Jan Ullrich attended the 2017 Tour de France – but as a fan and not an official guest. Not invited to any festivities by the ASO, he watched the race go by in a small German town. This was his first time watching the race live as a fan and he said it was "absolutely fantastic, really exciting".
The ASO refused to invited the only German Tour winner to the Grand Depart in Düsseldorf, apparently because of his doping background. "I can live with that very well," he told Bild.de.
However, he also said that he had in fact been invited by someone he did not name, "but I had to decline because my daughter wanted me to celebrate her 14th birthday with her".
Ullrich was very happy to see the turn-out of German fans and the reception the Tour enjoyed in Germany. "I already knew beforehand that it would be great," he said. "Germans are great cycling fans, you could see that in Düsseldorf. It is great to see how the Tour is greeted in Germany. I have always said, bring the Tour to Germany, that will be a major boom."
He takes partial credit for it, too. "The enthusiasm here is great for me to see, because I at least partially set it off."
Ullrich sprang to fame with his second place in the 1996 Tour, then sealed his place in the history books by winning the race in 1997. He went on to claim numerous other wins in his career, including the world time trial title, an Olympic gold medal and the overall title in the Vuelta a Espana.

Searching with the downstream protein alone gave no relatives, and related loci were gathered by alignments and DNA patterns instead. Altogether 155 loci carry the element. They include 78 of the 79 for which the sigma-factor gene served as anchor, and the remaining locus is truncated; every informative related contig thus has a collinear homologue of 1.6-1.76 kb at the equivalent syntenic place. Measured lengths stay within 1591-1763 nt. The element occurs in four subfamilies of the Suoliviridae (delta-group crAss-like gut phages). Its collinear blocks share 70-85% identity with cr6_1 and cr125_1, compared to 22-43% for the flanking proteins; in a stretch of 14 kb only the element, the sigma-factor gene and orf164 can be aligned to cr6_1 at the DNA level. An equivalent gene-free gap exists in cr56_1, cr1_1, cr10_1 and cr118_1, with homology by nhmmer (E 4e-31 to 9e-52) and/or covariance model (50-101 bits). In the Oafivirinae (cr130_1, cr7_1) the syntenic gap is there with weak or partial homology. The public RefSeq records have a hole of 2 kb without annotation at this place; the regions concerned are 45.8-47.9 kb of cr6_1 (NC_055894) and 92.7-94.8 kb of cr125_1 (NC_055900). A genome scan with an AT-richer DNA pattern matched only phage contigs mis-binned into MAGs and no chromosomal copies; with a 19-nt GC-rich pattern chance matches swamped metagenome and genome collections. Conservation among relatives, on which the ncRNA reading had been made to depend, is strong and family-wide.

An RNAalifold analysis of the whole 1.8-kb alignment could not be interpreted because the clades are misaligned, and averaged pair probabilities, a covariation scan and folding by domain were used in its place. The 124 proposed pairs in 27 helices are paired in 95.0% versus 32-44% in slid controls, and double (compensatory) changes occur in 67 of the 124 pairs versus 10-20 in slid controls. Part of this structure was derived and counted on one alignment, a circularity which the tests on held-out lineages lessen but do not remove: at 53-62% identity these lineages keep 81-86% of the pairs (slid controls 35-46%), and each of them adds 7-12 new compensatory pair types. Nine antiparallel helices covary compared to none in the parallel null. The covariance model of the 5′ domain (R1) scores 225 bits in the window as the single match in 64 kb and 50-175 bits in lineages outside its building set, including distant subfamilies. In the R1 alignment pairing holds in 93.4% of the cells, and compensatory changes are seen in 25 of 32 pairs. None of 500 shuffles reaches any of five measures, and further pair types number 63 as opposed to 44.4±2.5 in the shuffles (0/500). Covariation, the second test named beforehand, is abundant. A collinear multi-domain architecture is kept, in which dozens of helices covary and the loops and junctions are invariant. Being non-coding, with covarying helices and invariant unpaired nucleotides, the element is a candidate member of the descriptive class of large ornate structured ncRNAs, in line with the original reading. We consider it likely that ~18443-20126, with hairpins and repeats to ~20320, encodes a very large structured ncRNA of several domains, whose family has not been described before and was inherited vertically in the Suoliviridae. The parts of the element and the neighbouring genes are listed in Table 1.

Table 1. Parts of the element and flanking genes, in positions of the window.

However, he came of age in an era of heavy doping, and paid the price for that. His first violation was a seemingly minor one, being banned six months in 2002 after a positive test for amphetamines in an out-of-competition test. But the biggest blow came when he was named as a client of Dr. Eufemiano Fuentes in 'Operacion Puerto'. He was pulled from the 2006 Tour de France the day before it started and never rode professionally again.
Since then he has rarely spoken over his experiences and offered only what many considered to be a partial apology and confession. Many German fans still love him, though.
"They still have the good memories, the past successes," said Ullrich. "They love cycling, and so do I."
"That is too bad, but he is only one of 200 pros in the peloton. There is always a black sheep, someone who doesn't understand. That happens in the best families."
Thank you for signing up to Cycling News. You will receive a verification email shortly.
There was a problem. Please refresh the page and try again.